Wednesday, November 28, 2012

Proverbs 3:1-4 A Balancing Act

This week in the Bible study I’m involved with at my church (Beth Moore’s study of James), we were talking about submitting to God. Our teaching leader talked about the many verses in the Bible that tell us to submit to our governing leaders, our bosses (masters), to our husbands, to each other as Christians, and, of course, to God. She pointed out that the Bible has no verses that explicitly tell children to submit to their parents. Instead they are exhorted to OBEY. Because submission requires an act of the will based on reasoning, children are not really capable of making this decision, so the Bible basically says, “Do what your parents tell you to do!” It’s an acknowledgement of their need to be protected from themselves.

And the problem really becomes full blown during the teen years, when children are moving from childhood to adulthood, when they are in a position to make all kinds of mistakes and they are in a non-listening mode! Teenagers, even the best of them, are convinced that their parents are totally STUPID! How many times have you thought about your teenager, “If she would just listen to me! I’ve been where she is, and I just want to keep her from making the same dumb mistakes I’ve made!” This seems to be where Solomon is as he continues to plead with a son to seek and cherish wisdom:

My son, do not forget my teaching,

    but keep my commands in your heart,  
for they will prolong your life many years

    and bring you prosperity.  

Let love and faithfulness never leave you;

    bind them around your neck,

    write them on the tablet of your heart.  
Then you will win favor and a good name

    in the sight of God and man. (Proverbs 3:1-4) 

Solomon seems to be saying, “Son, just listen to me! Pay attention to what I’m teaching you. If you just cling to God’s Word, you will have a longer and happier life! God’s commandments aren’t meant to imprison you, but to actually set you free from sin’s entrapments and bondage. I want to help you avoid the pitfalls!”

After reading Jon Courson’s Old Testament Commentary, Volume 2, I did a bit of a word study this morning on the words in verse 3, love and faithfulness (NIV 1984), which are translated as mercy and truth in the King James Version. The Orthodox Jewish Bible shows the words as chesed, meaning kindness, and emes, which means truth. And these meanings seem to confirm what Courson has to say about verses 3 and 4. Courson says that the verses are telling us that we need to keep a proper balance of mercy and truth when dealing with people. It is important to show mercy and love to those trapped in sin, but we never shy away from also giving them the truth.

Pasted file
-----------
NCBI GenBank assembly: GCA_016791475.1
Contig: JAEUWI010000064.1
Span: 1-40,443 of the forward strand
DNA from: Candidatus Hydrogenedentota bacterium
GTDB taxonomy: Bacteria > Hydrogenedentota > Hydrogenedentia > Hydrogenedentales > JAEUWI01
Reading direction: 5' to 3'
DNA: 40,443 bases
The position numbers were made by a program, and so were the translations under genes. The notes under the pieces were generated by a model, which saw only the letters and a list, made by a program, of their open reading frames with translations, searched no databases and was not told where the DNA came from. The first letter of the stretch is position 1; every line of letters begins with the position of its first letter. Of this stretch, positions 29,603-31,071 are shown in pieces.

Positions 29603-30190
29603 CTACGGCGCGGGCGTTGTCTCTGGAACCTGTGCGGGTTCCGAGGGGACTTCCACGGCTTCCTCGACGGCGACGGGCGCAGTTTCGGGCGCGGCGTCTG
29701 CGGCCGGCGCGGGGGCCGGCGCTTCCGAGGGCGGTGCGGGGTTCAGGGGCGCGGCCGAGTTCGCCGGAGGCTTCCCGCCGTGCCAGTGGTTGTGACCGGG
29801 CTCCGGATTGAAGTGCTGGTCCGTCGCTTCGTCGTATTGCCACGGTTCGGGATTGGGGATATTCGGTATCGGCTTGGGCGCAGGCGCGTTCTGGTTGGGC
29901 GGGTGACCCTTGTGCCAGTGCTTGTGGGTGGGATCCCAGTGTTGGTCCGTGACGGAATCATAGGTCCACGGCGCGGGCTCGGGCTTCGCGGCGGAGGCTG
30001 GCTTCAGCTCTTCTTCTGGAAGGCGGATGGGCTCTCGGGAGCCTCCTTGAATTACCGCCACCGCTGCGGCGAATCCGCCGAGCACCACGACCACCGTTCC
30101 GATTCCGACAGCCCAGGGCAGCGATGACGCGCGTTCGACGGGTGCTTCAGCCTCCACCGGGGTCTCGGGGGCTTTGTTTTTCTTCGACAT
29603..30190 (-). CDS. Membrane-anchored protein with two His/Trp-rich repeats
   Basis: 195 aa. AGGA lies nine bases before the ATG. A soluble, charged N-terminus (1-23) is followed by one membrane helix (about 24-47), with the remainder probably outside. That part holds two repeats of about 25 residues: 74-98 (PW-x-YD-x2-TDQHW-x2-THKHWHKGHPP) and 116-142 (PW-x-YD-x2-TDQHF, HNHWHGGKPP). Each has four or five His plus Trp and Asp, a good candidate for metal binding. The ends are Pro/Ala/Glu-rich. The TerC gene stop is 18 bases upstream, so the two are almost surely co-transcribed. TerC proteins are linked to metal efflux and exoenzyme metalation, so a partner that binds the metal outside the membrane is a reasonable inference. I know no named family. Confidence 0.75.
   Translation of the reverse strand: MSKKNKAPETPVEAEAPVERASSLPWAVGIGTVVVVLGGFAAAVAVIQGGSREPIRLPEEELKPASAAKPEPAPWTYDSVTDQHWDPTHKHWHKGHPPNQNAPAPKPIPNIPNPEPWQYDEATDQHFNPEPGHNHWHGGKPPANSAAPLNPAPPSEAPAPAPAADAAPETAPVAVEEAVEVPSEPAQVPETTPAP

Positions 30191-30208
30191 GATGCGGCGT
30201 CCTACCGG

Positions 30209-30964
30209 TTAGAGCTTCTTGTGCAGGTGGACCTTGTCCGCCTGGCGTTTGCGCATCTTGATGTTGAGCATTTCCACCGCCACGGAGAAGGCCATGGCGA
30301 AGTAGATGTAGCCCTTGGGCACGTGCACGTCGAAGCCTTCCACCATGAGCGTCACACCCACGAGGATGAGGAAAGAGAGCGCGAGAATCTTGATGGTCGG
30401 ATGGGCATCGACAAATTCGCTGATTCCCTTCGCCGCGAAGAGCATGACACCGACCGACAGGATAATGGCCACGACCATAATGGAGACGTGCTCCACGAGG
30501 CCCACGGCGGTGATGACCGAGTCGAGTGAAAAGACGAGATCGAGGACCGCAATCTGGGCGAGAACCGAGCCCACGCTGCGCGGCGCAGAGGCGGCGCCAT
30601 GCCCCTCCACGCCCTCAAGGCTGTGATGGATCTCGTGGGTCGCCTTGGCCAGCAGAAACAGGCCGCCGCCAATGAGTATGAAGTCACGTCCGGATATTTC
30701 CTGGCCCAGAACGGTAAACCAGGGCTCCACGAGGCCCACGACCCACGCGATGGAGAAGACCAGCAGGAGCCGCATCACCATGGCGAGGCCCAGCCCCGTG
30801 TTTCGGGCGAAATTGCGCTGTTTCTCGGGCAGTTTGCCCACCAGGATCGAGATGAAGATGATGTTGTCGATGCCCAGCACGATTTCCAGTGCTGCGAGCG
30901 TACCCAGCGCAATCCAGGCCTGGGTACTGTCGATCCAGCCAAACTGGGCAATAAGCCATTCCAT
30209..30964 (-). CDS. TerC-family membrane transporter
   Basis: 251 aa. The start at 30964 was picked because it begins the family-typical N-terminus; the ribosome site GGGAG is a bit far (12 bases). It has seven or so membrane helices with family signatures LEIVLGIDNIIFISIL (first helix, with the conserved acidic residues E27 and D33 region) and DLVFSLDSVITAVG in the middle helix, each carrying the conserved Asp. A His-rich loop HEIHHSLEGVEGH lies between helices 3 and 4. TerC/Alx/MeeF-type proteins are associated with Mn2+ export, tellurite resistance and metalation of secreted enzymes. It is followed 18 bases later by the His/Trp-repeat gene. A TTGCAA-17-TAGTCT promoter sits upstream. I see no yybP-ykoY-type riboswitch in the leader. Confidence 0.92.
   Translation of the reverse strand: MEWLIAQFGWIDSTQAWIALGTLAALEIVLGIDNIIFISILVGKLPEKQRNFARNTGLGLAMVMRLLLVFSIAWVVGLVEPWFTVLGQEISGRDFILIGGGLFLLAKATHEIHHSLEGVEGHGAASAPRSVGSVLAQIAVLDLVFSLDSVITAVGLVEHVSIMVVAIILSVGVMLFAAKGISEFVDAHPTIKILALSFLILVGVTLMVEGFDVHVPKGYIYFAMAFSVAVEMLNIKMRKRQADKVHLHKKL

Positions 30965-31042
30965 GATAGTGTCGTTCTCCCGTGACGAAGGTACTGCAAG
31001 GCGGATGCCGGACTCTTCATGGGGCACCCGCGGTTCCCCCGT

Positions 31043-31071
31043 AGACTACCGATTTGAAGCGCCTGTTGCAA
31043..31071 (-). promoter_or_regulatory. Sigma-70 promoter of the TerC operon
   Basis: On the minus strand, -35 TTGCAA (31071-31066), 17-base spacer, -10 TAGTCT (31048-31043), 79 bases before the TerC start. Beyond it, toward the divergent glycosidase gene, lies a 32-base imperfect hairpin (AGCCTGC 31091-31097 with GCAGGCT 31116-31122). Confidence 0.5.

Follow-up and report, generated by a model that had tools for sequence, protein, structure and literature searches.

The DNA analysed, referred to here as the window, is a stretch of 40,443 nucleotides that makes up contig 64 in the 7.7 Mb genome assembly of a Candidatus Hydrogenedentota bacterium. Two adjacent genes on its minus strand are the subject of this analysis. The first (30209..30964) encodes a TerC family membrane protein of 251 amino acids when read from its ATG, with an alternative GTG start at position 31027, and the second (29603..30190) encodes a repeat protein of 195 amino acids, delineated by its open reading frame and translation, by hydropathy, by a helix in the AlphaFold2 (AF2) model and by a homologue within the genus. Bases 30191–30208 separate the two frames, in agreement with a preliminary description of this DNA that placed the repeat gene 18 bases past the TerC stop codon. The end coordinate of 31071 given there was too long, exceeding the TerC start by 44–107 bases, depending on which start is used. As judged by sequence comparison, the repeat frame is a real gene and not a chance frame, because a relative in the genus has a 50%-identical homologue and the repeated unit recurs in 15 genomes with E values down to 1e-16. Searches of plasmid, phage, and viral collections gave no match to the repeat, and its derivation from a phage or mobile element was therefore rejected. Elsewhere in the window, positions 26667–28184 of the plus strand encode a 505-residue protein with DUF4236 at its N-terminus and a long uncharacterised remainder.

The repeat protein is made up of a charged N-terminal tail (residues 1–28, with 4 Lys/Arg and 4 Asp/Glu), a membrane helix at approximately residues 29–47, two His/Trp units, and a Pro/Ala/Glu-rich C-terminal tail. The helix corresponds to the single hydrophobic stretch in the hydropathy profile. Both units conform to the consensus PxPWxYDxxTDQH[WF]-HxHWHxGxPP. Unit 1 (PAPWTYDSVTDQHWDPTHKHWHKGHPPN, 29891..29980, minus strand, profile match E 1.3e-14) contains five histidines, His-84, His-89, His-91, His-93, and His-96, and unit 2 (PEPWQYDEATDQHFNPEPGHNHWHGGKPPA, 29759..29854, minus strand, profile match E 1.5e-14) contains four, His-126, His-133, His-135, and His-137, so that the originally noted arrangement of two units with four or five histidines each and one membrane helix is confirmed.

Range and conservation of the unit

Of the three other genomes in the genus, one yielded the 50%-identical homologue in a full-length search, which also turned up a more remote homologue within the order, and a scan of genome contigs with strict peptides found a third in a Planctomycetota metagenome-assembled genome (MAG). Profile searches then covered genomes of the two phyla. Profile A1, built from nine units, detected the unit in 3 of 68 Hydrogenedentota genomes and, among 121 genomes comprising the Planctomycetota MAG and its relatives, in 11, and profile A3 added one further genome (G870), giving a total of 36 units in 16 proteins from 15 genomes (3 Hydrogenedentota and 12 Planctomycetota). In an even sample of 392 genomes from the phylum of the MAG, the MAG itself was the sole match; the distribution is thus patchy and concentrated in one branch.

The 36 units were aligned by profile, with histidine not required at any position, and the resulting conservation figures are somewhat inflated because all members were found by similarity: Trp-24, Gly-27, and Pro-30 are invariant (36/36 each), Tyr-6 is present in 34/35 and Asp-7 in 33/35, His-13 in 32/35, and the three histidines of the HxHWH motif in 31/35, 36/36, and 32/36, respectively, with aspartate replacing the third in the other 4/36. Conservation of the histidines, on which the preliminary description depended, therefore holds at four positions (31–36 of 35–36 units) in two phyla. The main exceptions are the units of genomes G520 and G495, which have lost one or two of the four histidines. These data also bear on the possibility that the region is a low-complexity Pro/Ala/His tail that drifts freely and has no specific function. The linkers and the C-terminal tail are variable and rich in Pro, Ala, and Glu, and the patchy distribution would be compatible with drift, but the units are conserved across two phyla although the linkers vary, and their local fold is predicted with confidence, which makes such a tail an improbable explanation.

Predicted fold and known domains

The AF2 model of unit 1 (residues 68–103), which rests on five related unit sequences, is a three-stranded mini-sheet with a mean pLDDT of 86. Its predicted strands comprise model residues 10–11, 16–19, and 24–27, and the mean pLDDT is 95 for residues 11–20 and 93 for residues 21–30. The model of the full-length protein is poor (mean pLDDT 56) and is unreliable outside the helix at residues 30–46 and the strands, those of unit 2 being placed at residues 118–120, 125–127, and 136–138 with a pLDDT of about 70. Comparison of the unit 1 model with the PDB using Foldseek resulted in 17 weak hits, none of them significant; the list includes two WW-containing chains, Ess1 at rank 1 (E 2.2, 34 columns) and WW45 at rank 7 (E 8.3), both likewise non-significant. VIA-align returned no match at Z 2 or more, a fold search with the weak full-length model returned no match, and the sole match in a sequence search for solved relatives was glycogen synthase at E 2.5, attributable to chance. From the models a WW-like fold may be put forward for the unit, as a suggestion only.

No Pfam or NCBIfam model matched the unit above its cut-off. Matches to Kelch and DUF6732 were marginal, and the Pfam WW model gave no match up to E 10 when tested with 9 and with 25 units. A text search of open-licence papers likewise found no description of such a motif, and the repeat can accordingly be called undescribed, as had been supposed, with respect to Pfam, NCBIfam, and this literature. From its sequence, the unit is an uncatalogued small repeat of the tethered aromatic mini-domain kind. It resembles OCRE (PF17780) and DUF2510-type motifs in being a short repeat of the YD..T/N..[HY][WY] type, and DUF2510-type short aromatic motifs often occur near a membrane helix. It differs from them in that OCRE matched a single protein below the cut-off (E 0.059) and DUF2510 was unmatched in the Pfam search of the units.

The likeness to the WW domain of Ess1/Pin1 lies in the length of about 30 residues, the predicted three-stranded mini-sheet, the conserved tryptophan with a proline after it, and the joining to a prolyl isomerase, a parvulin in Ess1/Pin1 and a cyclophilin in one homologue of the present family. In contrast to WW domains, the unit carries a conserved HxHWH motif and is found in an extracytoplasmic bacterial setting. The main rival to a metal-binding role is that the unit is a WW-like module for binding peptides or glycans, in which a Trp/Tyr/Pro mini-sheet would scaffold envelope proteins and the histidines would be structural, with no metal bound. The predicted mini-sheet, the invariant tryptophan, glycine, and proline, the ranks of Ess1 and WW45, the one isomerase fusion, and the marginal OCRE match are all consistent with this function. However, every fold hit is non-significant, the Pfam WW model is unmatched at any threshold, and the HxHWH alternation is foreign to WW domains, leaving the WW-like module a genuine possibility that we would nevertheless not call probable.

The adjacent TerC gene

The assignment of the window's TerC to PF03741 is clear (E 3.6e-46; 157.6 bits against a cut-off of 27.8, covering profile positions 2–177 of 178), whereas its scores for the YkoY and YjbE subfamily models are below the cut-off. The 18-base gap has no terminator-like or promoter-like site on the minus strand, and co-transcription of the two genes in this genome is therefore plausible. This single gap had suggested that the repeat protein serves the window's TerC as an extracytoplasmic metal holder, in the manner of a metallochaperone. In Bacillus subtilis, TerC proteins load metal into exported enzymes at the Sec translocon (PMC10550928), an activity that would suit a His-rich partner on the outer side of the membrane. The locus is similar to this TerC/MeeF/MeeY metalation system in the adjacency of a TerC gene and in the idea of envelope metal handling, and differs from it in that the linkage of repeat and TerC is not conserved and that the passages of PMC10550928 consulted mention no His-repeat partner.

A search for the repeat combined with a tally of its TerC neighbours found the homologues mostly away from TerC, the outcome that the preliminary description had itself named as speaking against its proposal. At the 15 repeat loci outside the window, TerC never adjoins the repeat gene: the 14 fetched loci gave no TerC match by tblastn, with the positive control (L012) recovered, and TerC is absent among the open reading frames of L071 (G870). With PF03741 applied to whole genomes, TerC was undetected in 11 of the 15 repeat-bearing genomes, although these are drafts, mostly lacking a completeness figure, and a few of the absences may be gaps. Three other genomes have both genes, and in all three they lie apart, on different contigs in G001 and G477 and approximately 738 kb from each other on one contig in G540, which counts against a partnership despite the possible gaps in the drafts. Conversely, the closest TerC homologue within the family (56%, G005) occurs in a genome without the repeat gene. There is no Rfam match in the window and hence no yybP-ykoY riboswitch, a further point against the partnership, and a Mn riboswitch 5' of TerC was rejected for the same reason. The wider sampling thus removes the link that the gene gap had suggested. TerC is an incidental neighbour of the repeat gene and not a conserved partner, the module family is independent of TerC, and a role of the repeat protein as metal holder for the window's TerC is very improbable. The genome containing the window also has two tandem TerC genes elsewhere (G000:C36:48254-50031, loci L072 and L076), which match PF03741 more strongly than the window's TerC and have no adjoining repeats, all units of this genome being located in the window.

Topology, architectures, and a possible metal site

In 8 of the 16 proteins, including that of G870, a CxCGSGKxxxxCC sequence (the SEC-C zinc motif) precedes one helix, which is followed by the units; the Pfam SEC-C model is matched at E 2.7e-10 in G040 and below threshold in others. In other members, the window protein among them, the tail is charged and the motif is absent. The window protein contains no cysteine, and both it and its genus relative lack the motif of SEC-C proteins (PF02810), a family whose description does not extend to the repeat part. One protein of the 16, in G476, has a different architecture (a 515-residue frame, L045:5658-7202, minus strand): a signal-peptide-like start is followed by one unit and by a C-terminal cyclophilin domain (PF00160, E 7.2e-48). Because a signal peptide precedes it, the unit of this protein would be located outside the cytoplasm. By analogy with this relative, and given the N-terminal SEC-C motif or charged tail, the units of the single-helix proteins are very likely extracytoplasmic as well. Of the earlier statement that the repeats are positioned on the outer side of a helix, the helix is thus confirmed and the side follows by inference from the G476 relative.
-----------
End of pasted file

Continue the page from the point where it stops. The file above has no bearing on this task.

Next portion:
Courson uses the example of Jesus’ confrontation with the woman at the well in John 4. He treated her with dignity, gentleness, mercy, and love, but He honed in on her sin when He specifically called her out for having had five previous husbands and then living at that time with a man outside of marriage. Mercy and truth, kindness and truth, love and faithfulness to the truth must be balanced. This is wisdom! Solomon tells us to bind them around our necks and write them on the tablets of our hearts. Don’t forget them!

The promise? If we will keep God’s commands in our hearts, and deal with others in mercy and truth, then we will find favor with both God and man. I’m seeing every day at work how I must balance this attitude of mercy and truth, not just with my fourth graders, but with my coworkers. This is the only way I can possibly be a light. It’s one of the keys to my gaining Wisdom. I LOVE this book!  

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